13.4 Control Stakeholder Engagement – A Guide to the Project Management Body of Knowledge (PMBOK® Guide), Fifth Edition

13.4 Control Stakeholder Engagement

Control Stakeholder Engagement is the process of monitoring overall project stakeholder relationships and adjusting strategies and plans for engaging stakeholders. The key benefit of this process is that it will maintain or increase the efficiency and effectiveness of stakeholder engagement activities as the project evolves and its environment changes. The inputs, tools and techniques, and outputs of this process are depicted in Figure 13-10. Figure 13-11 depicts the data flow diagram of the process.

Stakeholder engagement activities are included in the stakeholder management plan and are executed during the life cycle of the project. Stakeholder engagement should be continuously controlled.

13.4.1. Control Stakeholder Engagement: Inputs

13.4.1.1 Project Management Plan

Described in Section 4.2.3.1. The project management plan is used to develop the stakeholder management plan, as described in Section 13.1.3.1. The information used to Control Stakeholder Engagement includes, but is not limited to:

  • The life cycle selected for the project and the processes that will be applied to each phase;
  • How work will be executed to accomplish the project objectives;
  • How human resources requirements will be met, how roles and responsibilities, reporting relationships, and staffing management will be addressed and structured for the project;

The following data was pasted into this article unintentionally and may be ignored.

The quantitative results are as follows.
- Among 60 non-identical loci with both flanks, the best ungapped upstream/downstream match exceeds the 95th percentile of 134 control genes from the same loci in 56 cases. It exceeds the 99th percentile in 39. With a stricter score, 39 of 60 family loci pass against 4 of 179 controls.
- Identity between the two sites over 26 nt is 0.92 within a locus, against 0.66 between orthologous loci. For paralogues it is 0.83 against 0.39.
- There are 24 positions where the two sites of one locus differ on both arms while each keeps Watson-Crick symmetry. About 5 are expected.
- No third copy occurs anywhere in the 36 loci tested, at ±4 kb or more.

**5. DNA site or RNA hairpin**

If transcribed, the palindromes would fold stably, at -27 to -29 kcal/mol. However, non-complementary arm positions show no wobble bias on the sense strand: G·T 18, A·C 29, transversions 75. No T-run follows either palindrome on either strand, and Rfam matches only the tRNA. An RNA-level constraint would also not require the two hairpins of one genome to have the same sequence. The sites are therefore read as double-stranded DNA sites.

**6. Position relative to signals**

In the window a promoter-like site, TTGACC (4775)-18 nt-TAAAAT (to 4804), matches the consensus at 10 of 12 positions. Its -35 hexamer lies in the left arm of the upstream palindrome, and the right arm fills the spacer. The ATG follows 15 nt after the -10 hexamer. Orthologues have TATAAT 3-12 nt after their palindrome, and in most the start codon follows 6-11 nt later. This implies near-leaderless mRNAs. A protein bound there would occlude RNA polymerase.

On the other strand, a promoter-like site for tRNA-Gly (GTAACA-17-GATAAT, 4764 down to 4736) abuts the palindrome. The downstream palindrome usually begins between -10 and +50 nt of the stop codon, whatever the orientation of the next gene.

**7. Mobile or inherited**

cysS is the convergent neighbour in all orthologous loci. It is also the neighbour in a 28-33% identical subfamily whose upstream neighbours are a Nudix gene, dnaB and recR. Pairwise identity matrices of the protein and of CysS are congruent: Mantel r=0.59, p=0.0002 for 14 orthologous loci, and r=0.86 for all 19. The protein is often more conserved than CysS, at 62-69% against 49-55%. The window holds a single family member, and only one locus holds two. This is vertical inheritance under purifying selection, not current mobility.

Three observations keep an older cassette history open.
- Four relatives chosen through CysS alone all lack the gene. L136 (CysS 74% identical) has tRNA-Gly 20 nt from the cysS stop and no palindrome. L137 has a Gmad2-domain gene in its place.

• A change management plan that documents how changes will be monitored and controlled; and
  • Needs and techniques for communication among stakeholders.

13.4.1.2 Issue Log

Described in Section 13.3.3.1. The issue log is updated as new issues are identified and current issues are resolved.

13.4.1.3 Work Performance Data

Described in Section 4.3.3.2. The work performance data are the primary observations and measurements identified during activities being performed to carry out the project work. Various measurements on project activities and deliverables are collected during various controlling processes. Data are often viewed as the lowest level of abstraction from which information is derived by other processes.

Examples of work performance data include reported percentage of work completed, technical performance measures, start and finish dates of schedule activities, number of change requests, number of defects, actual costs, actual durations etc.

13.4.1.4 Project Documents

Multiple project documents originating from initiation, planning, execution, or control processes may be used as supporting inputs for controlling stakeholder engagement. These include, but are not limited to:

  • Project schedule,